I’m not going to give you a blow-by-blow account of each game. I’m leaving that up to some of the players, who have promised to get scribbling as soon as possible.
Suffice to say that in the first game the Makedonian players surrendered the initiative to the Persians and paid the ultimate penalty: being enveloped and overwhelmed as the Companions sat in the middle of the field polishing their helmets! In the second game, however, the Makedonians attacked boldly, and were well on their way to defeating the Persian hoardes at close of play.
As for analysing how well the rules coped, the first thing to say was that I was amazed at how easily the rules played given the size of the forces involved. The morning game, with two players each side (three experienced, one new to the game) reached a resolution in only 3½ hours. The afternoon game (same as above, but with a different “new” player) was two thirds through after two hours.
What really made the difference was the surprising way players coped with one of the key elements of VB: command and control.
In a standard game, players usually control a Sub-General who controls 3-5 Leaders each controlling a brigade of 4-5 bases. Orders are issued down the chain of command, with players able to issue orders right down to each individual base.
In the Gaugamela game, each player was controlling two or three Sub-Generals, with large numbers of Leaders and a myriad of bases, particularly on the Persian side. I was therefore expecting the “Issue Orders” phase of the game to perhaps be a fairly tortuous affair.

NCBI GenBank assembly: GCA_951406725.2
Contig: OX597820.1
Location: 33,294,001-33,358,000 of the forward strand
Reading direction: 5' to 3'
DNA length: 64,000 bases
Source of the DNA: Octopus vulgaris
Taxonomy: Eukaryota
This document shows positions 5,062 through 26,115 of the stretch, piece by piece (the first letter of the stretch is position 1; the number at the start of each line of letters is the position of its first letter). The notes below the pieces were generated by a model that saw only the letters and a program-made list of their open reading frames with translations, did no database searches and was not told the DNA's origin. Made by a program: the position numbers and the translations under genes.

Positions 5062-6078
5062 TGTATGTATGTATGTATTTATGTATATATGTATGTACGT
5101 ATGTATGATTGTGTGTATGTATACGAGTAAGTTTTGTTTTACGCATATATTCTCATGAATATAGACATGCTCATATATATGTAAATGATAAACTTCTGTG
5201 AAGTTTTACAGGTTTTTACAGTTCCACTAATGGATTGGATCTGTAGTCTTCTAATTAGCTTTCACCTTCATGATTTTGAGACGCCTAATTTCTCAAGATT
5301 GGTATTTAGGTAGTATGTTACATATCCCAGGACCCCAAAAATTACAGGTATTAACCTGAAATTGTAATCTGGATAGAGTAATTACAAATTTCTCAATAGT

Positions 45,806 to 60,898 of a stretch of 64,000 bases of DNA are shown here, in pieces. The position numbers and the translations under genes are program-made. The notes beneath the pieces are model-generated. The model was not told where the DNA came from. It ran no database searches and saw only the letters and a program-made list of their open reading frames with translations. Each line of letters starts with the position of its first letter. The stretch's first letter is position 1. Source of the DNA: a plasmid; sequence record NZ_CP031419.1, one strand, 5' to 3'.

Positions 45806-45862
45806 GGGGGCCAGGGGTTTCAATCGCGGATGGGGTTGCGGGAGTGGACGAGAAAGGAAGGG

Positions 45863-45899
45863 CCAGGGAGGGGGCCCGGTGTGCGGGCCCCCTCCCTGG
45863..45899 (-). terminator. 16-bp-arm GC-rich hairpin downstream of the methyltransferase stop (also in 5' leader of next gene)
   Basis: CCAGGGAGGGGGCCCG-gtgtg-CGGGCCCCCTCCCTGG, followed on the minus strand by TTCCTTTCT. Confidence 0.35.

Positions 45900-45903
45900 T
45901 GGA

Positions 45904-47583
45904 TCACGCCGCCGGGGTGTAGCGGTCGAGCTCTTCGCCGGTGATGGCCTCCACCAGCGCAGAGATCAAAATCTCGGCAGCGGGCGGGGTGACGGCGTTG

I was wrong.
The players, without any encouragement from me or collusion between themselves, each took their own command focus up one level: instead of issuing orders to individual bases, they issued orders to individual brigades. This, if you like, was the equivalent of a divisional commander being promoted to a corps commander and recognising that it was no longer his job to issue exact tactical orders for each unit, but more to give overall direction to the battle.
On reflection, this is something that I am very pleased with: it really shows how VB is all about command and control and not about who can measure nanometres and acute angles the most accurately. That’s not a dig at DBx, I hasten to add, just an emphasis that VB is about playing the battle, not the rules.
Otherwise, game mechanics held up well, although I must admit that a referee (me) considerably helped the speed of play.
One of the questions I’m expected to answer in this piece is whether VB needed any rule changes to give a better historical feel to the game.
Although none were made specifically for the day, I do feel it fair to point out that the game we played was VB with the official amendments that have been added over the last twelve months.
These include increasing the lethality of pikes verses cavalry, and increasing the move-and-fire skills of horse archers. The game would not have played as well without these amendments, so I’m pleased that I adopted them when they were suggested by the VB Yahoo Group (!) and they’ll appear as standard in any future editions.
We also dispensed with long drawn out disappearances of routing bases. Once a base was well routed, we removed it from the table immediately rather than seeing it gradually disappearing off into the horizon. The experienced players knew when a base was not likely to rally, and were happy just to do away with them directly.
Overall the Battle Day was a great success for Vis Bellica. The rules gave two great games that seemed to simulate history as much as a game ever can.
My thanks to Nik and Richard for organising the day, to Phil and Duncan for the talks they gave, and to the painters and players who made it possible: my brother, Richard; Michael Tittensor (aka Thurlac); John Hills; Andy Bryant; Steve; and Phil (Steele).
Just make sure the next SoA Battle Day’s battle doesn’t have any horse archers in it!